PageSpeed Insights and Google Search Console data have different use cases — understand the differences between field data and lab data
A user asked about the difference between PageSpeed Insights (PSI) scores and the CrUX (Chrome User Experience Report) data found in Google Search Console (GSC). According to John, ultimately there’s no ‘correct’ number to use when it comes to speed and performance assessments — both PSI and GSC data can be used for different things.
The PageSpeed Insights score calculates a simplified overall score based on a number of assumptions about your website’s speed and the average user. Google Search Console, on the other hand, uses Core Web Vitals data and a sample of actual visitor experiences relating to speed, responsiveness, and interactivity.
John points out that there’s a difference between “field data” — numbers based on what real users have seen when they go to your website — and “lab data”, which is more of a theoretical view of your website, based on more generalized assumptions about the average user (with considerations for which devices most people will use, average internet speeds, etc.).
Both types of data are designed to give you insights into what users are experiencing or are likely to experience on your site.
John recommends using the field data in GSC to understand the current situation on your website and the lab data (namely individual tests you can run yourself) to optimize your site and try to improve things for the future. When you’re happy with the lab data you’re getting after making updates to your site, over time you will also automatically be collecting the field data in GSC. You can double-check the field data against the lab data to ensure that actual users are experiencing the improvements.
CWV fluctuations are common, even if you’ve not made changes to the page
One user notes seeing a lot of fluctuation in their Core Web Vitals (CWV) metrics, despite not making any changes to the pages themselves. Core Web Vitals metrics depend a lot on field data, which is collected from real users accessing your site. Users browsing from different locations and with different device/connection types can be the cause of these fluctuations, as each experience is unique.
Core Web Vitals metrics are weighted toward the pages with the most traffic on your site
Google’s Core Web Vitals (CWV) metrics are typically looked at through a sample of traffic to the overall website. Therefore, it’s the pages on your site that get the most visits that will contribute the most to the overall CWV score. Having pages on your site that perform poorly for Core Web Vitals, but don’t bring in a lot of traffic, is going to be less of a concern. In the same vein, pages with little traffic and great CWV metrics aren’t likely to pull up the site-wide score. The exception is if Google has enough data to segment a certain part of the site and treat it separately. For example, a super fast blog with lots of visits may end up being looked at on its own, away from the rest of the content on the site.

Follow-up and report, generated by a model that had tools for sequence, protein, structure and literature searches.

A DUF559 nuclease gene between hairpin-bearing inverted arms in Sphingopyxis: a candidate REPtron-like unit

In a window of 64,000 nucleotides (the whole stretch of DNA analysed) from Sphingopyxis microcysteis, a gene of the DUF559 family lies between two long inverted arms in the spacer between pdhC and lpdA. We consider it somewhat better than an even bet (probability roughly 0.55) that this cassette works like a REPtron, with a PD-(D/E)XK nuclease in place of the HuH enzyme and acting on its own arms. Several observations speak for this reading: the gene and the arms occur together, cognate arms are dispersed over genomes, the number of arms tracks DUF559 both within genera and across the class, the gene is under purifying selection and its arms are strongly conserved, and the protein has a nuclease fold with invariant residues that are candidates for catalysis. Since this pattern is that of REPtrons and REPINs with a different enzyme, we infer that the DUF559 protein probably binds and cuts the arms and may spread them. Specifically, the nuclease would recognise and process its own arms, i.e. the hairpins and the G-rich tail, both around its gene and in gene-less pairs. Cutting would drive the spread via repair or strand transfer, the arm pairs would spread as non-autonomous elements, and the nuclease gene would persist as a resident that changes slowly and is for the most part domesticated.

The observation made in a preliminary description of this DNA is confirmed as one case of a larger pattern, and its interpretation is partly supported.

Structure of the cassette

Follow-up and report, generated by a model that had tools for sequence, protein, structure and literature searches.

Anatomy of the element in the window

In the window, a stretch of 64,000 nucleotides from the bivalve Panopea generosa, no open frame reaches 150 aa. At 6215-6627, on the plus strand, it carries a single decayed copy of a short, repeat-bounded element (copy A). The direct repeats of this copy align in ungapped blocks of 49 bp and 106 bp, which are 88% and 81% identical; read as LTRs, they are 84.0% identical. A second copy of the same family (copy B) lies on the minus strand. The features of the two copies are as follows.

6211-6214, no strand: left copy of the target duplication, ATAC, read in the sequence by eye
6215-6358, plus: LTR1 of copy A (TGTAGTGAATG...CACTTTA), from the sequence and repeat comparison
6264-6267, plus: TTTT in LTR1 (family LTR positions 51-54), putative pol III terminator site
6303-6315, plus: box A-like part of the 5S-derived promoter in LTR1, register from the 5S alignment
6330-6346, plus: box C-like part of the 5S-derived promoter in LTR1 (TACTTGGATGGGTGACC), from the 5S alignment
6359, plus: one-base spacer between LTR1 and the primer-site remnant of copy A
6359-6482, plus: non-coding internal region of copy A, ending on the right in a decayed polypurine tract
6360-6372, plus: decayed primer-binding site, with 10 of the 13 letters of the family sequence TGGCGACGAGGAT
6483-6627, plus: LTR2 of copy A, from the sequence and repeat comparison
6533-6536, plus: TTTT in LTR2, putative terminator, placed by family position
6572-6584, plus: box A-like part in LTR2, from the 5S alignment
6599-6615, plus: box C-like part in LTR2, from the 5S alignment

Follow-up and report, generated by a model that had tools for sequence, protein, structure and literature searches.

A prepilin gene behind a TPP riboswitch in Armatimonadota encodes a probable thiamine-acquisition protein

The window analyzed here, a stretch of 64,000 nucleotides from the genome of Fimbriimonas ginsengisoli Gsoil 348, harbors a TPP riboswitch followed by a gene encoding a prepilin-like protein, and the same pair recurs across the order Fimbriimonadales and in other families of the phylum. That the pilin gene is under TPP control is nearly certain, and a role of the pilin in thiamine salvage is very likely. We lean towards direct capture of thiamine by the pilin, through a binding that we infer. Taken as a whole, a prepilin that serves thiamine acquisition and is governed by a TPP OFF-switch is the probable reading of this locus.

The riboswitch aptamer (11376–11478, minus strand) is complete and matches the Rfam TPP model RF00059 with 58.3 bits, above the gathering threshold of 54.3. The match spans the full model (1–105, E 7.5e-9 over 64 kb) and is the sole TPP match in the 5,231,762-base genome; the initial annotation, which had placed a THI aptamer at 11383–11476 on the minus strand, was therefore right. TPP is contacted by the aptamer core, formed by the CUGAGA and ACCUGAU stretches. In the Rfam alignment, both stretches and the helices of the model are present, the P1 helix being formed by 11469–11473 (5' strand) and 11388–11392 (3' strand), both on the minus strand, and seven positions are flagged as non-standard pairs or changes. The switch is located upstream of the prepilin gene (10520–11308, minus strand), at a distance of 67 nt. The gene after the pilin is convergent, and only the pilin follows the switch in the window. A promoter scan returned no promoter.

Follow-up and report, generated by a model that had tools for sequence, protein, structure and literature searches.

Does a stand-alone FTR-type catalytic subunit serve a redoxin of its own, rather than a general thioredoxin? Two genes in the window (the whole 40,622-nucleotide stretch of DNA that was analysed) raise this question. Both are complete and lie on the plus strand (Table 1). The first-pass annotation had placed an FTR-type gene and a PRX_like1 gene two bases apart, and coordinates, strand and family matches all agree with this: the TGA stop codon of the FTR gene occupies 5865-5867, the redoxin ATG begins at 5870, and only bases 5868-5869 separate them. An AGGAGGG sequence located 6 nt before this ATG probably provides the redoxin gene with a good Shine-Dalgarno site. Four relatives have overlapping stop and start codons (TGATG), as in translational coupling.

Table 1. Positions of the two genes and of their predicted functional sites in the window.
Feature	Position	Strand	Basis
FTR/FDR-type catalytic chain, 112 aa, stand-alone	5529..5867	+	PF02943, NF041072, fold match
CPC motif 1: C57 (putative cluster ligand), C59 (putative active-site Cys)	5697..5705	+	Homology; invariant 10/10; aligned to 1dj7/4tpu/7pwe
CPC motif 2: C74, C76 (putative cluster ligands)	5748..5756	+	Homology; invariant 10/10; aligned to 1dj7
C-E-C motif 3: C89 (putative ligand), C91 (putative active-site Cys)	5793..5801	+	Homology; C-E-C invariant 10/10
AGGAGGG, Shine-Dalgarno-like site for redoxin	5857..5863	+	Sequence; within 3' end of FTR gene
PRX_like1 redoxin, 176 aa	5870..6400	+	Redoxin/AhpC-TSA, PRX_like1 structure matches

The desktop Page Experience roll-out is unlikely to cause immediate or significant ranking changes
As page experience rolls out as a ranking factor on desktop, John is keen to clarify that the weight it holds will largely mirror what’s seen on mobile. If it’s clear that a page is the best result for that query, page experience signals could be downplayed. If there are multiple pages in SERPs that could answer the user’s query and intent equally well, page experience is one of the factors that could be used to distinguish between them and rank one site above another.
Even significant speed improvements may only have a subtle impact on visibility
John warns users not to expect significant rises in visibility from speed improvements alone. This is true even if the speed goes from very slow to very fast in a short space of time. Given the complexity of Google’s algorithms, changes that affect page speed in isolation are likely to have a much more subtle impact on visibility.
SEO improvements based on CWV metrics take about a month to show results
Google’s Core Web Vitals look at data that is delayed by around 28 days. This means that any significant page speed improvements you make on your website will typically take about a month to show up in the search results.
Core Web Vitals are weighted equally across all industries and website types
Neither the type of website nor industry vertical will alter how much weight is given to Google’s Core Web Vitals metrics.